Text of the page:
HARRISON, N.J. — This year the New York Red Bulls will feature a young squad, which is something that head coach Jesse Marsch wants to see more MLS teams emulate, particularly when it comes to young domestic players.
On Thursday night in the second leg of the CONCACAF Champions League Round of 16 vs. Olimpia (8 pm ET, Univision Deportes Network, go90.com), the Red Bulls will likely feature at least four American players under 25 in their starting XI, three of whom came up through their academy system.
In a new era of more money being invested into rosters and a higher pedigree of international players being lured to MLS, Marsch is convinced in the value of playing young talent, in particular from an academy where players are taught how to press and counter-press before being integrated into their USL squad and then finally into the senior team.
Marsch is hoping that other teams feel equally compelled to go with young talent for the good of the league and the game.
“In the current US climate, I think developing young American talent is more vital than ever,” the Red Bulls coach said on Tuesday. “That being said, there are countless people in this country, putting their best foot forward in this manner. To just talk about Red Bull would be totally unfair.
“But now if you apply it on how to get some of those grassroots movements into being big-time players, it requires professional clubs who are ready and willing to play young players.”
Marsch wants to see other clubs follow through with their own youth development plans.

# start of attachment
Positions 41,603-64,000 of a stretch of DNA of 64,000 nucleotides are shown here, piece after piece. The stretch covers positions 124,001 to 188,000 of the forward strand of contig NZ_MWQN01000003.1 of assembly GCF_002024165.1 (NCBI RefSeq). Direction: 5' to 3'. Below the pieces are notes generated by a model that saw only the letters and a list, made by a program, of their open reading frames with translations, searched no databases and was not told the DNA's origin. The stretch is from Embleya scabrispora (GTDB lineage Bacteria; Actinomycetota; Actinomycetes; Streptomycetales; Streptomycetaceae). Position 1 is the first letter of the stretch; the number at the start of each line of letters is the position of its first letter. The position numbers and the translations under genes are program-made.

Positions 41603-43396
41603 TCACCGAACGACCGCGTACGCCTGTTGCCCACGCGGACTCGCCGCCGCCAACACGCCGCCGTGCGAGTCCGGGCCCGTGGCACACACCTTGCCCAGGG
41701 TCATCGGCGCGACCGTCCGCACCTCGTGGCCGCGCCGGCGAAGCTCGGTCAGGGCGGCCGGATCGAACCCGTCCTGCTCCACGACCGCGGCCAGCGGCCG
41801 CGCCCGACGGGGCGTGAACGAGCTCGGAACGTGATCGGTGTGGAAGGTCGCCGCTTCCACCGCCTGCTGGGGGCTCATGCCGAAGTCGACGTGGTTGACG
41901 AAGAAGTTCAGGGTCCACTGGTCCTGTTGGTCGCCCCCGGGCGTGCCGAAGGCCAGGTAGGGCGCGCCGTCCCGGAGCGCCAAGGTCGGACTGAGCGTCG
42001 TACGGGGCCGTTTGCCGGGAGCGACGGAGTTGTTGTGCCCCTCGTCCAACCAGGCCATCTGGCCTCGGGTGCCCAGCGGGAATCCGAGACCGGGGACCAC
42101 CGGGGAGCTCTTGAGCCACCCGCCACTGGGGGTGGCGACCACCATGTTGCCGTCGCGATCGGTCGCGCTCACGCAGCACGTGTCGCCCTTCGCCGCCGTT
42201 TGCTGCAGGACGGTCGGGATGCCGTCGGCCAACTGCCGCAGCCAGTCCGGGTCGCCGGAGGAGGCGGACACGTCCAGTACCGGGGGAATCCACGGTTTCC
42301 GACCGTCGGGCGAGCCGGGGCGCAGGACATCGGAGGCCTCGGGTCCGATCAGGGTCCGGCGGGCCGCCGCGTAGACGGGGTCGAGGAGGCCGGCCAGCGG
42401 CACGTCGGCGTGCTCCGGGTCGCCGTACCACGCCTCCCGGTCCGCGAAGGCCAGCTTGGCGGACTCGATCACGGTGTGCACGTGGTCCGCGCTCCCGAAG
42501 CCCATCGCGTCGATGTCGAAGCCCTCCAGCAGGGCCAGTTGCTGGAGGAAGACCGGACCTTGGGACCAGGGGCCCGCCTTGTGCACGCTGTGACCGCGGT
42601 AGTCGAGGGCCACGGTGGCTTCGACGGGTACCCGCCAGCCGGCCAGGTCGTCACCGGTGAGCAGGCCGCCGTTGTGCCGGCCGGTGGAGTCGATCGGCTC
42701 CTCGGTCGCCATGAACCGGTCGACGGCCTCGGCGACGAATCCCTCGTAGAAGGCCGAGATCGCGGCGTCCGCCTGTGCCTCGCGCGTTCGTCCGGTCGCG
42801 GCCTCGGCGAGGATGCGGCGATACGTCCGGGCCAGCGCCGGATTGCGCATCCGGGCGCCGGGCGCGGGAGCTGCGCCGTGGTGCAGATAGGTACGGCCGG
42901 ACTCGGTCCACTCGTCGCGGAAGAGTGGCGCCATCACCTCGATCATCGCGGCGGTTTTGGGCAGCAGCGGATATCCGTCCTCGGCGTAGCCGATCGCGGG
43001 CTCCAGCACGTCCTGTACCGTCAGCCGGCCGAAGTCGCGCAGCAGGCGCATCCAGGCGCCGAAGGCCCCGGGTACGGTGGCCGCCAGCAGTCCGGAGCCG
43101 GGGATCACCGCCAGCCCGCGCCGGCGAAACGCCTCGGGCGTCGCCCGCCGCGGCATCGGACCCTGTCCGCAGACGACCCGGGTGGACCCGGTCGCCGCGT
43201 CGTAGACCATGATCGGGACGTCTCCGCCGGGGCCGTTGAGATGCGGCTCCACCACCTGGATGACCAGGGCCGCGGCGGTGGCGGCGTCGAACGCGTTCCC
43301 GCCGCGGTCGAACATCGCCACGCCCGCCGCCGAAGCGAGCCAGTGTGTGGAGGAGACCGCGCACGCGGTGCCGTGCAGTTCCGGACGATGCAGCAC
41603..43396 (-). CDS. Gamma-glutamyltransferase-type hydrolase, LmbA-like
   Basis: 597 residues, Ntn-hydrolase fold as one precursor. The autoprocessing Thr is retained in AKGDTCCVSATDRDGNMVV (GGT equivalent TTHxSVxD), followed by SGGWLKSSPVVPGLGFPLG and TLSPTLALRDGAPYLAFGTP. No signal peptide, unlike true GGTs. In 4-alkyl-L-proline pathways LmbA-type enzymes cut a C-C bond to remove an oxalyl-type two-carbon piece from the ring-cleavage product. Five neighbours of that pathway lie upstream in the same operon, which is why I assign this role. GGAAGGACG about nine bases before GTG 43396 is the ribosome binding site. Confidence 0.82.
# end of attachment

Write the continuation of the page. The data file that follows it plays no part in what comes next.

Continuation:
“I think what we’re doing here at Red Bull, yes, is very important to football in our country. It’s what we believe, it’s who we are," Marsch continued. "It benefits our style of play. It also is a benefit that we have a great academy. Nonetheless, it is really important that we have coaches in MLS who are willing to play young players.
"We need to find a way to incentivize academies, homegrown players, youth development, selling of young players – whatever it might be, so that teams are actually committed to playing young players. Not just hoping that they’ll play young players and have good academies, but actually doing it because they’ll be rewarded.”
This past year saw more Homegrown players integrated into MLS squads and more minutes doled out to Homegrown players than at any other time in league history.
Real Salt Lake topped the list of clubs that in 2017 gave the most minutes to players under the age of 21. Coming in at third on the list were the Red Bulls, which was once an organization that for years relied on signing marquee stars and veteran internationals. But each year during Marsch's tenure the Red Bulls have gotten younger, promoting talent from their academy and USL sides, all while maintaining their status as a playoff team.
And after an offseason during which the team splashed cash on Alejandro “Kaku” Gamarra, Marsch says that he is “more optimistic sitting here right as coach of this team that we can be champions than I’ve ever been.” If RBNY do hoist the MLS Cup, they could feature the youngest starting XI in league history to ever win a trophy.
“I don’t want this to be taken as a massive talking point,” he said. “I think it’s great that we have some good foreign coaches in this league and that they bring something new. But I think that it’s important for everyone to understand, that given the climate of where we are with US Soccer, developing the American player is important – is massively important.”
“If we have coaches that don’t value that, we’re going to jeopardize the future of where we are with US Soccer. This is a responsibility, this is a responsibility as a professional coach to commit yourself to the young American players. It’s a responsibility we all should have.”